You will get more from the rest of this article, if you have a better understanding of how effective you are now at making serious practicing "fun" without reducing the results. To test yourself, take this short survey. Let's now take a closer look at each of the two components that you must balance in order to enjoy the process of practicing and see consistent progress. I will also share with you the common mistakes people make that lead to an imbalance of these two elements.

Serious/Purpose Driven Practicing (Self Discipline)

Many people assume that sheer self discipline and persistence will make them as good as they want to be. Unfortunately, most guitarists do not understand how to discover and sustain "the right kind" of discipline.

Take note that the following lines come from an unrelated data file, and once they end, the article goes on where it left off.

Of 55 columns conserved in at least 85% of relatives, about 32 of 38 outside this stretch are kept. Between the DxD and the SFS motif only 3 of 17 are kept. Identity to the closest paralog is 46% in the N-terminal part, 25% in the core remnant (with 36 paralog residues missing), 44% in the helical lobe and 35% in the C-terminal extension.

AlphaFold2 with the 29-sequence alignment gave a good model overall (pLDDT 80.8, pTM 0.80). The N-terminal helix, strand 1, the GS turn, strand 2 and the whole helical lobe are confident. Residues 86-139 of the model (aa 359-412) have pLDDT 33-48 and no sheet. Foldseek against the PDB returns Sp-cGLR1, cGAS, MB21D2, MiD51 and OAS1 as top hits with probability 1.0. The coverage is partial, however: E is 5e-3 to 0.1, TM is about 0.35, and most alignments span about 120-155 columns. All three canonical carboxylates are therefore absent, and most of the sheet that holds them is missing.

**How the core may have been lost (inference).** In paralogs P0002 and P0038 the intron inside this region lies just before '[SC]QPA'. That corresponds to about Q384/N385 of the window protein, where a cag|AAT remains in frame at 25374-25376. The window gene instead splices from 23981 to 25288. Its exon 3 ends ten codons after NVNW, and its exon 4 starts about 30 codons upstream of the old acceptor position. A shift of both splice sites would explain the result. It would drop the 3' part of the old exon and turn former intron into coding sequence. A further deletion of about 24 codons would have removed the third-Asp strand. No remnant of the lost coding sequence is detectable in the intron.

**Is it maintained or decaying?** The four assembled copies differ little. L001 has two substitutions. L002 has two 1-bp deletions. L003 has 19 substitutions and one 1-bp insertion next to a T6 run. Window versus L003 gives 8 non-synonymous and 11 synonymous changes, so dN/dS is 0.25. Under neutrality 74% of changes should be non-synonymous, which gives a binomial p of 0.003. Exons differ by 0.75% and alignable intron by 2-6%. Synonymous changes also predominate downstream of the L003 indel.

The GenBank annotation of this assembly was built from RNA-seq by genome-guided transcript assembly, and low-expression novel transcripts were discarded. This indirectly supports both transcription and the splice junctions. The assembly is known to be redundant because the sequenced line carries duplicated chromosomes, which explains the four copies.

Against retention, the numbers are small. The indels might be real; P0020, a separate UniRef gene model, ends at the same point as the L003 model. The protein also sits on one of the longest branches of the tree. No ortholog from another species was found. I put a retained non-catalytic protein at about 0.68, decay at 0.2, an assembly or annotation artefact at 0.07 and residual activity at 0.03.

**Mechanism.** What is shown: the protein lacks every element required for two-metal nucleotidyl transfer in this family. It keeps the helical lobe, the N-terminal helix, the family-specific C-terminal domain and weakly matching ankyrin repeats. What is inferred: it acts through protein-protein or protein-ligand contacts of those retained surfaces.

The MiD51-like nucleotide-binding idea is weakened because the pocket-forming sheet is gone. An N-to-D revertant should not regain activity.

In order to sustain your motivation for a long time, your work must be "fulfilling". If you don't know the reason why doing something is in your very best interest, you will not be fulfilled, and will be unlikely to continue for long. On the other hand, if you do feel the reasons very strongly, you will be able to pull out the needed intensity and discipline from within yourself without trying very hard. Start looking at practicing as something you do in order to achieve a benefit (become a better player). This will automatically create a meaningful reason (beyond simply having fun) to be involved in the activity and not treat it as a chore that you dread doing every day. This may seem obvious and insignificant, but even a small change in thinking will bring about big changes in results!